Monday, April 27, 2009

So which is it: throw MORE or LESS?

At this point, I am not sure what's the best way to build long term arm strength for pitchers. Is it throw more, like Tommy John, Leo Mazzone and Nolan Ryan espouse, or is it throw less, as clearly the Yanks' BP coach (and Little League coaches from coast to coast) preach?

Well, score one for the Yanks' BP coach, this time:

Brian Bruney returned to Boston but is on the DL after being diagnosed with a strained flexor mass in his right elbow. "I don't feel like it's a serious, serious injury," he said.

Bruney said he plans to revise his routine between games and throw less. He said bullpen coach Mike Harkey has encouraged him to throw less in the past, but he did not listen. Bruney called the injury his own fault.
I'm generally from the school that would preach usage vs. rest, that you can't run a marathon by training in one mile sprints. You need to train your arm and body to handle the stress and strain of throwing and you can only do that by throwing. Not soft-tossing, but throwing from the bump and long tossing in the OF.

At least that's what I think I think.


JamesGang said...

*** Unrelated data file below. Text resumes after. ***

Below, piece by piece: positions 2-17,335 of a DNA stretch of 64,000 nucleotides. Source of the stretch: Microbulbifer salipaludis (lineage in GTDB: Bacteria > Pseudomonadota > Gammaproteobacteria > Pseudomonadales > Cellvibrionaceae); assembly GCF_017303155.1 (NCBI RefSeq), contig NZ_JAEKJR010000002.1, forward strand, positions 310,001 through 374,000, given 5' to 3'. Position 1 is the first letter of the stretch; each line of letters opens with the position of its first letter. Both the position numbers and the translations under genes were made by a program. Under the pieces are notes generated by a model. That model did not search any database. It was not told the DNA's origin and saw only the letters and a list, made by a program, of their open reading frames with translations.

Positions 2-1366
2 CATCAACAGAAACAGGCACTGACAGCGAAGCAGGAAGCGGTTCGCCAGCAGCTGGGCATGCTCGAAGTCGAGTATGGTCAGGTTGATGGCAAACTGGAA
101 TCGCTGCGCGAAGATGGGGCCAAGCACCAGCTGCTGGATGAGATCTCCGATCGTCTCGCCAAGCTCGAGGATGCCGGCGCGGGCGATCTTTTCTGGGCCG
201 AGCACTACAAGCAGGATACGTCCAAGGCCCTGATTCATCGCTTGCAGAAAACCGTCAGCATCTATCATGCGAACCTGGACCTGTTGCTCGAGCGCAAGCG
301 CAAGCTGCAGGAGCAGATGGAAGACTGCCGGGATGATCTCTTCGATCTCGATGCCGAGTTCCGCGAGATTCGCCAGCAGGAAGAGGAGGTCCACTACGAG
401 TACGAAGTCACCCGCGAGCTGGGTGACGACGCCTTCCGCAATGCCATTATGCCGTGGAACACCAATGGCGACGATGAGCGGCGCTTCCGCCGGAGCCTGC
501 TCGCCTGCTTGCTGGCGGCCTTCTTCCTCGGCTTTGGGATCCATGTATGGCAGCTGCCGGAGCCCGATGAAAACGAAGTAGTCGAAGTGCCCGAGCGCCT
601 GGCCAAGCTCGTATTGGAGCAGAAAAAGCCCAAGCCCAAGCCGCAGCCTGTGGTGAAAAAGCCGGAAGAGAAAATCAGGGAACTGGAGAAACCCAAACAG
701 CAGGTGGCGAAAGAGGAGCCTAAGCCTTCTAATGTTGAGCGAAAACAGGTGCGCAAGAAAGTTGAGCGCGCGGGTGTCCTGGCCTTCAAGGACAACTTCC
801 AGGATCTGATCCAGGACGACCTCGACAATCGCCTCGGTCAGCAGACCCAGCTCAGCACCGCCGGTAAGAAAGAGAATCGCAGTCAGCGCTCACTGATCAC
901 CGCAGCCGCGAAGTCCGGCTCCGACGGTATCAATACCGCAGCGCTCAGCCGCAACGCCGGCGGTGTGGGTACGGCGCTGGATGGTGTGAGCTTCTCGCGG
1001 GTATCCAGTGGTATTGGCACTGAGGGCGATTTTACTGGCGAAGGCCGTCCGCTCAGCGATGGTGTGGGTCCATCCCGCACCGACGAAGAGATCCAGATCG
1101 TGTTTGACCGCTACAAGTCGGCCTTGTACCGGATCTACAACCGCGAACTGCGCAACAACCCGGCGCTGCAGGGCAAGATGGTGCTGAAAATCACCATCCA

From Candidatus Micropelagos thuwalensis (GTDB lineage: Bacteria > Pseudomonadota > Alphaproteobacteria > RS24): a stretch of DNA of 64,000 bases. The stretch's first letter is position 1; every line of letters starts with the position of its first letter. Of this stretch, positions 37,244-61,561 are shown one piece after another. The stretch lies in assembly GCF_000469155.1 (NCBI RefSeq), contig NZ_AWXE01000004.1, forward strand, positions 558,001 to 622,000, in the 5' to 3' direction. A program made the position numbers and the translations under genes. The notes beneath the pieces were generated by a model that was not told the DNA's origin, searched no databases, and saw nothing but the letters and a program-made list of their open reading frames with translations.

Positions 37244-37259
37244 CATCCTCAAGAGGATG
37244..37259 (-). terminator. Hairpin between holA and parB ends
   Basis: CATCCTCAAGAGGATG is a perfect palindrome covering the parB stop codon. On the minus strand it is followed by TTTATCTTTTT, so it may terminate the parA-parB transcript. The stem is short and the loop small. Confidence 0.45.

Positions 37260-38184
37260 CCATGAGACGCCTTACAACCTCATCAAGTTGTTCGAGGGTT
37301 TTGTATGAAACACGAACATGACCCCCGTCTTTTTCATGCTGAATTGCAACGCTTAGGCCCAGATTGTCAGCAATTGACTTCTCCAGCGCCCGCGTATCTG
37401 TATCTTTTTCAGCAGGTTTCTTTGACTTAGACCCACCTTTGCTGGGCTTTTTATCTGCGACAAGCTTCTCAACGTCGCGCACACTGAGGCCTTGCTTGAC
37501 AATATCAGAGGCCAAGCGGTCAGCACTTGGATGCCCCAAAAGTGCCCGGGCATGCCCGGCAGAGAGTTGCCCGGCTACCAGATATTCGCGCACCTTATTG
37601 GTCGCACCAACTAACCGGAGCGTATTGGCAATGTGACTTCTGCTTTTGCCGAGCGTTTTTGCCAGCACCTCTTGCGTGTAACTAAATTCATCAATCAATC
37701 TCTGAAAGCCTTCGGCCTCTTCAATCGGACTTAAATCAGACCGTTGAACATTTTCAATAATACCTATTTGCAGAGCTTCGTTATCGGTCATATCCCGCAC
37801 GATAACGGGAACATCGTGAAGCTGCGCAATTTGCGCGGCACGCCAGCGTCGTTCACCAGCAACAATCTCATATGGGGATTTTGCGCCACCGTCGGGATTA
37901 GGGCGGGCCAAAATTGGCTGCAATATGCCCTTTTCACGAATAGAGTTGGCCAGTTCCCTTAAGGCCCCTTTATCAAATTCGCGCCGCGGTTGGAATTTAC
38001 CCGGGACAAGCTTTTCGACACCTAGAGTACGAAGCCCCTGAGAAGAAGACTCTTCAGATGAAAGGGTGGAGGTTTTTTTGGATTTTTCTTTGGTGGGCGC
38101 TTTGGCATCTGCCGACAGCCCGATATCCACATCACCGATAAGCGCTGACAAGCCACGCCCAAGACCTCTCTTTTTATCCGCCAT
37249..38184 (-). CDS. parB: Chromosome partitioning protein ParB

I'd have to agree that throwing more and trying (under some control/supervision) to strengthen the arm seems like the most obvious way of gaining endurance and keeping healthy. I'm very curious to see how Nolan's new idea in Texas turns out, and really hope it doesn't blow up on him or his pitchers.(Disclaimer: Nolan Ryan = my boyhood hero)

Alex K said...

I go back and forth on this. I see both sides, and I can't seem to choose one over the other. I think it all really just depends on the individual arm. A guy like Rich Harden obviously doesn't want to throw too much between starts as he has a knack for getting hurt, so why not save the good ones for the times that count?

Bill said...

I think that generally, the "throw less" people have history and common sense on their side here.

There are a lot of things you can do to strengthen your arm, but pitching is a very unnatural thing for the human body to do, and I think it's only slight exaggeration/hyperbole to say that the human arm only has so many pitches in it. The number is different for everybody, and it's certainly not a blanket 100 pitches/start, but there's a number nonetheless. The biggest problem at the moment is that guys who had either extraordinary luck or extraordinarily high numbers in their own arms (like Ryan and Blyleven), and a lot of the people who grew up idolizing those guys, lack the perspective to realize how unique and special they really were.

If I were Neftali Feliz's agent, I'd be doing everything I possibly could to get him the hell out of the Texas system right now. Scary stuff.

Zach Sanders said...

I'm conflicted on this. As a former pitcher, I was encouraged to rest, and never really developed enough arm strength to be truly effective in multiple innings.

The key is how that arm strength is built up. Teams tend to try to do this too quickly, and throw a pitcher into the fire early.

If given enough time, pitching more to build up arm strength (at a slow rate) is the best way to go in my mind.